Toddler beach safety

Follow these beach safety tips to ensure your family vacation stays fun. Photo: Zapfanman.com via Flickr

SILVER SPRING, Md, July 6, 2013 – Every year many families make the trek to their closest beach for some fun and relaxation. But beaches can also pose a threat to the health and safety of young children. Follow these tips to ensure that your family vacation stays fun for everyone.

Avoid dehydration


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Dehydration is a common problem that affects beach-goers and young children who are distracted with play in particular. When the mercury has climbed to sweltering levels and the sun is beating down, it is easy for dehydration to set in. You sweat, and if you do not replenish your fluids at an equal rate, you will become dehydrated. The problem is that children can become dehydrated faster than adults because of their small body weights, which results in a high turnover rate of fluids. Parents should try to set times when children are required to take a short break from the sun, surf, and sand, and sit under an umbrella or in another shaded space while drinking water. Also, you should learn the signs and symptoms of dehydration and call it a day if you notice your little one displaying them.

Take regular breaks to drink water to prevent dehydration. Photo by Steve Depolo. click to enlarge.

 

 


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Supervise your children at all times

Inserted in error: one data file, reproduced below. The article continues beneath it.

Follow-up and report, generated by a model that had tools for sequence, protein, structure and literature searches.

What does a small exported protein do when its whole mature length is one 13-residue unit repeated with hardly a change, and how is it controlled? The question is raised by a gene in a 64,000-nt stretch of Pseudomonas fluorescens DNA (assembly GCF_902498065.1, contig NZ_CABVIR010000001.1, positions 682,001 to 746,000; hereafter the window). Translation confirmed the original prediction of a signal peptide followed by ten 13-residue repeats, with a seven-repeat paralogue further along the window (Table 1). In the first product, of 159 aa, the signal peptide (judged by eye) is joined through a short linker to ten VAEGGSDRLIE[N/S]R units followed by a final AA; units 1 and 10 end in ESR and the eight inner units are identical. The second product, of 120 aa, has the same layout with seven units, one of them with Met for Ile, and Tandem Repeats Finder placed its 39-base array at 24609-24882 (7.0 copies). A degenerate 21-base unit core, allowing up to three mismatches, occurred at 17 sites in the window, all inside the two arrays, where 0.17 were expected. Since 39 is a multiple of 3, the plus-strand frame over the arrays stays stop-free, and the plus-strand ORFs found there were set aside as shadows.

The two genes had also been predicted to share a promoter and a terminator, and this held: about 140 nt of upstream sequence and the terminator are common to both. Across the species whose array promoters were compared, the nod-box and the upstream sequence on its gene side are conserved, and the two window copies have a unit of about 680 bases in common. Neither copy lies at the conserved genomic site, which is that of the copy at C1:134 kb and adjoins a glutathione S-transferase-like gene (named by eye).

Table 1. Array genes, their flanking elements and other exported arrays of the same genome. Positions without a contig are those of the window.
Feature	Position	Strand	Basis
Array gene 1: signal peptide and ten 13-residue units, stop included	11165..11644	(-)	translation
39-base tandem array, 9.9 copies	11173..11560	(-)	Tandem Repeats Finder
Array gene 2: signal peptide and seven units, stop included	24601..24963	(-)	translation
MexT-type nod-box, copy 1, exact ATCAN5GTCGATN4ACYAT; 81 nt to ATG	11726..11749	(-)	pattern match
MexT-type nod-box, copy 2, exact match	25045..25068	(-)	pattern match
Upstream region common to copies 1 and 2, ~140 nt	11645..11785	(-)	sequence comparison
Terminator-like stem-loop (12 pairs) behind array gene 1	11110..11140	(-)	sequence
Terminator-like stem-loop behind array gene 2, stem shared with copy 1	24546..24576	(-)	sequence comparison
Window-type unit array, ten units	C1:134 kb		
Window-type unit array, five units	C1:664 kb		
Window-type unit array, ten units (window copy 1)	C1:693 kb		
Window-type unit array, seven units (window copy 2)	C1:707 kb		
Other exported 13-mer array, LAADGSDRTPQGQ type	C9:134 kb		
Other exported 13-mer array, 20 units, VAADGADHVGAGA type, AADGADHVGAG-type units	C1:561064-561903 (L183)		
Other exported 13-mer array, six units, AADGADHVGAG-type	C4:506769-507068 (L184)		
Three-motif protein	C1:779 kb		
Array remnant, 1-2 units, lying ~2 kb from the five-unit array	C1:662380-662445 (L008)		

And by this, I mean you. Do not assume that the lifeguard will be watching your child specifically as he plays at the water’s edge. They are there to scan the water for potentially life-threatening situations for everyone on the beach in their section. They are not baby sitters.

Also, if you are with a group of family or friends, do not assume that someone else is watching your child. Beaches are where people go to relax, and it is too easy for someone to get caught up in a conversation or in dealing with a situation with their own child, when in a split second your fearless toddler can decide to chase a seagull down the beach away from your group or decided to chase older siblings or cousin down into the water.

 

Take a mid-day brake

Most toddlers still need a nap. With the most intense summer sun usually between 10am and 3pm, taking a break from the beach mid-day for lunch and a nap is a good way to reduce sun exposure as well as give your little one a chance to recharge his batteries. Eating lunch off the beach also reduces the amount of sand that will wind up in your toddler’s food and mouth, and give him a chance to get some fluids in his body when he is not sweating them immediately back out.

 

Use sunscreen

Sunscreen is extremely important while at the beach. The sun and water both reflect the sun’s light, thus increasing the amount exposure your skin receives. Make sure you apply sunscreen in your apartment, condo, or hotel room before you head to the beach to give it time to soak into your skin. It takes at least 20 minutes from the time of application to be effective. Also make sure you reapply throughout the day. Sunscreen stops protecting your skin, and excessive sweat and time in the water can reduce the time further. Check the specifications for your sunscreen to know when to reapply. Common advice is to reapply every two hours. Read my earlier article on sunscreen and sun protection for more information on types of sunscreen and sun safety.